June 16 (Reuters) - The Airbus A380, the world’s largest jetliner, does not figure in the current plans of Delta Air Lines Inc, an executive at the carrier said on Monday, citing the reliability and efficiency of smaller aircraft.
“We don’t see an application for the A380 in our network,” Steve Dickson, senior vice president for flight operations, said during an interview at the AIAA Aviation Forum in Atlanta.
The A380, which entered service in 2007, can carry more than 500 passengers. Airbus has been trying to boost sales of the plane.
Earlier this month, Delta ordered 15 Airbus A321 narrowbody jets in a deal valued at $1.65 billion at list prices. It also has issued a request for proposals for the purchase of as many as 50 widebody jets.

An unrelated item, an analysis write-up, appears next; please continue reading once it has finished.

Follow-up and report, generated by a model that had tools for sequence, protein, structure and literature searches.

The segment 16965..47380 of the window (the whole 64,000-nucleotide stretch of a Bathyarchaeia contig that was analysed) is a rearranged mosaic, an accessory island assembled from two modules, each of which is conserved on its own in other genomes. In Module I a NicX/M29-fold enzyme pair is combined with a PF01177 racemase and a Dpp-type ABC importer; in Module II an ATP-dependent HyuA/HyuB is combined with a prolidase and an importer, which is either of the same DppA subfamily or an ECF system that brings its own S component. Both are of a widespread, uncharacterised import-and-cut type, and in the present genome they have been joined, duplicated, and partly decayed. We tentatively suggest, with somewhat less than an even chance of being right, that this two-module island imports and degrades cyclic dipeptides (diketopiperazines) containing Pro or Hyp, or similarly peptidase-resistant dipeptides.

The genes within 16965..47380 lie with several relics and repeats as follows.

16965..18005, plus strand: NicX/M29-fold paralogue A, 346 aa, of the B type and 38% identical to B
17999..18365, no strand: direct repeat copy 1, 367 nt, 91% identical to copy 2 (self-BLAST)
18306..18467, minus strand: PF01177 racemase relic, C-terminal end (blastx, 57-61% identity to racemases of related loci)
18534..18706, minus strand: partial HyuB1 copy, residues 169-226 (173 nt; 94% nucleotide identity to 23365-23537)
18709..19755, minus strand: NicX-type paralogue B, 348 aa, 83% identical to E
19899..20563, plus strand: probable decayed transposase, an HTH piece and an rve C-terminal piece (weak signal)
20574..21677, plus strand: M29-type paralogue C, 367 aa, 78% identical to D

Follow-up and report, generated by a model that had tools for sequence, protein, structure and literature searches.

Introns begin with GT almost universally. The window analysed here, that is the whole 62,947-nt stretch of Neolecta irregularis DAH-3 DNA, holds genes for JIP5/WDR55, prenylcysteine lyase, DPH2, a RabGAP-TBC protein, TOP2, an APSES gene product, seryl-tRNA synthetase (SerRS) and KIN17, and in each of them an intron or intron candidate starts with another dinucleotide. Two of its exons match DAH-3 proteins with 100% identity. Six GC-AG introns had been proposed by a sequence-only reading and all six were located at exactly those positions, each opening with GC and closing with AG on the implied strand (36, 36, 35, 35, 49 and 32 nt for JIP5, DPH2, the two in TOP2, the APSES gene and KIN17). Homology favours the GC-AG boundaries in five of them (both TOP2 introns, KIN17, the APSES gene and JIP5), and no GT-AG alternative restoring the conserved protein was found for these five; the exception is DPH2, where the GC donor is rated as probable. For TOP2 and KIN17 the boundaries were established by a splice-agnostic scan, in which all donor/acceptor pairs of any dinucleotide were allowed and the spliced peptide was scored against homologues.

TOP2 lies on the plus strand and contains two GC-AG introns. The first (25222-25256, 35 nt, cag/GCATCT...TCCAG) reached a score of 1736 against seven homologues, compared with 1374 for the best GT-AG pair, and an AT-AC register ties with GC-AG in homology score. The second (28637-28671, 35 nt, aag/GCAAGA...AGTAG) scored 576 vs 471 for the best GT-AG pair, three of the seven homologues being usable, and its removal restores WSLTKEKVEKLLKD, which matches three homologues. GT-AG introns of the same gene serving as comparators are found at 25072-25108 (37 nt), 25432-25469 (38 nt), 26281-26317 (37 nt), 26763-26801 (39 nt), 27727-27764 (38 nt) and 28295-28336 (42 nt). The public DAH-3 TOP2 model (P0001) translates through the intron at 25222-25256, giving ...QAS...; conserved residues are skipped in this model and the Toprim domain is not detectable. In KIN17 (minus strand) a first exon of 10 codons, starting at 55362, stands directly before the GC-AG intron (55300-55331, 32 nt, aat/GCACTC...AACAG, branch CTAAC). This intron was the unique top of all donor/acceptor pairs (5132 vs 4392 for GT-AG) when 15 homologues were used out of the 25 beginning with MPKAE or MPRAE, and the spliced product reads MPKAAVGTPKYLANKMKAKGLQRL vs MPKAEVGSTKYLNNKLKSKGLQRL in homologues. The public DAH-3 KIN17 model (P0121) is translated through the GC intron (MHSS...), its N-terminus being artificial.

Dickson said planes with four engines such as the A380 were likely “not viable” for most of Delta’s markets. “The reliability of the two-engine airplanes and the efficiency of them is just too compelling,” he added.
Dickson, who is qualified as a Boeing 757/767 captain and has also flown the 727 and 737 at Delta, also said the carrier was not seeing a shortage of pilots. While some regional carriers have cited problems finding qualified pilots, Dickson said Delta had not seen a big impact yet at its feeder carriers.
Delta is hiring 50 pilots a month for the foreseeable future, Dickson said. He added that the majority of the new pilots were replacing retiring aviators.
“There’s a lot that’s changing in the industry right now in terms of the career path for pilots that we need to make sure that we stay abreast of,” Dickson said. “For example, there are fewer military pilots available. The number of pilots who have been coming out of U.S. flight training schools has been declining for a number of years. We also have a lot of retirements.”
Reporting by Karen Jacobs in Atlanta; Editing by Steve Orlofsky